Brent crude futures were up 42 cents, or 0.6per cent, at $72.64 a barrel at the time of filling this report, having earlier touched $72.83 — highest since May 20, 2019.
U.S. West Texas Intermediate (WTI) crude futures climbed 35 cents, or 0.5percent, to $70.40 a barrel, after rising to as high as $70.62 — highest since October 17, 2018.
According to energy analyst, the widespread faith that oil demand growth would trend significantly higher in the second half of the year is paving the way forward for the price rally.
Crude oil prices had suffered a huge decline globally following the impact of the coronavirus pandemic.
The decline in oil prices affected several economies globally, particularly countries like Nigeria which depend largely on crude oil earnings.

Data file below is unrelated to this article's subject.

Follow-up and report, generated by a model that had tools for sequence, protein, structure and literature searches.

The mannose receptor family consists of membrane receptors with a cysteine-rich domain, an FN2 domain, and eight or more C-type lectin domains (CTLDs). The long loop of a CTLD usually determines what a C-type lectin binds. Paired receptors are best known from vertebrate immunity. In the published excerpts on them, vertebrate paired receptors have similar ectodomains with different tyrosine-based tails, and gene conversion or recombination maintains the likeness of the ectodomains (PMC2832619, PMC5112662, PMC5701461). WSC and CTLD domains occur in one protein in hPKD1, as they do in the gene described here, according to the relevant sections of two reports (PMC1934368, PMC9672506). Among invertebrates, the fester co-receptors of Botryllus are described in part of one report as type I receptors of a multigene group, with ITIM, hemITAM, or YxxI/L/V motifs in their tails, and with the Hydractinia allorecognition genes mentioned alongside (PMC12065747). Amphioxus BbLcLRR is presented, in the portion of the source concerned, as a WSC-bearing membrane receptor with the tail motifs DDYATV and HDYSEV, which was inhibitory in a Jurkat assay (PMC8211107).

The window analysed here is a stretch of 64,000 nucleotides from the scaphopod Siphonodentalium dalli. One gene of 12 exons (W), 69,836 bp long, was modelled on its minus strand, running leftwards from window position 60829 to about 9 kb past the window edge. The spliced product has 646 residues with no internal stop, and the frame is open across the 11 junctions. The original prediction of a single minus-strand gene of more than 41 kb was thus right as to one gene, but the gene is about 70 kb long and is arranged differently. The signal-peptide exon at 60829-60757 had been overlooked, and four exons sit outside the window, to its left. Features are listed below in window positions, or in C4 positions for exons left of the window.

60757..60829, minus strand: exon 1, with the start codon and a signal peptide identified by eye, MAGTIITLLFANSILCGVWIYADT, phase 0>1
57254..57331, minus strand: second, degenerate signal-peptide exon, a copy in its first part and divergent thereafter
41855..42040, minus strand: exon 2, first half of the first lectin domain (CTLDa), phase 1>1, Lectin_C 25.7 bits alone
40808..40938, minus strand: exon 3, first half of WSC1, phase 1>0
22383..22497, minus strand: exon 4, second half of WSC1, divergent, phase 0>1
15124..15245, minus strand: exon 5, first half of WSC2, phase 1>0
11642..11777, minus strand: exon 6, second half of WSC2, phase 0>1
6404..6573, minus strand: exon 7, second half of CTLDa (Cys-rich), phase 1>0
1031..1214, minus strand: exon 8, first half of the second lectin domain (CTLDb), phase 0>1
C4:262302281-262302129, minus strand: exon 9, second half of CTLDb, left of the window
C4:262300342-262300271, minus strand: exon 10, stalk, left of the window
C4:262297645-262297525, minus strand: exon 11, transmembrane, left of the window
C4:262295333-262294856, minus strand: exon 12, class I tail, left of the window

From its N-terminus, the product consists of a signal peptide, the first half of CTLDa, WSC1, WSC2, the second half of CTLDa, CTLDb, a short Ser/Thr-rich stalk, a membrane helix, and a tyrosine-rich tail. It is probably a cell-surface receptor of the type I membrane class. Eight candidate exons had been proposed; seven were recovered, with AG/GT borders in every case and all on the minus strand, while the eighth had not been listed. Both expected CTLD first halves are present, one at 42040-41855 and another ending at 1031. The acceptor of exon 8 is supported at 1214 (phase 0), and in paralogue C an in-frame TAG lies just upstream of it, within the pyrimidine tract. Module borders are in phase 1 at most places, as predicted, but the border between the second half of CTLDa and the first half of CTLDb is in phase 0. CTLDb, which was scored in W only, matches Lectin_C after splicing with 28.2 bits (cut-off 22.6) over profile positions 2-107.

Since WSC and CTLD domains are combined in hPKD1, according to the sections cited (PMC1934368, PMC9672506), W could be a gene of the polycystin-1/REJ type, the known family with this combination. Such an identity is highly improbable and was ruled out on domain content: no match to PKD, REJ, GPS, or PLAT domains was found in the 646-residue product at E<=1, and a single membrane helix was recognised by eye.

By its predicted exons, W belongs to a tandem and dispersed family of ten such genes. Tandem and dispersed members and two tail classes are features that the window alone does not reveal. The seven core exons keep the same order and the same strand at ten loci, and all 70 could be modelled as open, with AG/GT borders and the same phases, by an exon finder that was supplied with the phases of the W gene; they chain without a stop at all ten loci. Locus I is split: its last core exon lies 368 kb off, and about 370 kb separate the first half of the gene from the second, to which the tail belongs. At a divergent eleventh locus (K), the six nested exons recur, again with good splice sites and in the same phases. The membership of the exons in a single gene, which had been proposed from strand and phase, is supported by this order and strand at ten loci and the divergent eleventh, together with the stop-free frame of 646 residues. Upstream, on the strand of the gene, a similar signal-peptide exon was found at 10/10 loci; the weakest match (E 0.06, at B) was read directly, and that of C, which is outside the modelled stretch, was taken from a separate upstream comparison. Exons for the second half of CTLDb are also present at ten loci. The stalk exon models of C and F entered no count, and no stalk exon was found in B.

Oil prices have, however, been on a tear on the back of gradual global recovery and vaccine roll out.
It still faces bumpy short-term demand amid concern that new virus variants would lead to more lockdowns, while vaccine rollouts are slower than expected in some countries.
Although crude oil accounts for eight per cent of Nigeria’s gross domestic product (GDP), it contributes over 90 per cent of Nigeria’s foreign exchange earnings.
The 2021 budget, which was signed by the President Muhammadu Buhari on December 31, 2020, was based on an oil price benchmark of $40 per barrel and a production level of 1.86 million barrels per day.
The resurgence in the price of crude oil bodes well for the Nigerian economy, as this would boost the country’s revenue needed for the implementation of the 2021 budget, improve crude oil receipts, and consequently bolster foreign exchange inflows.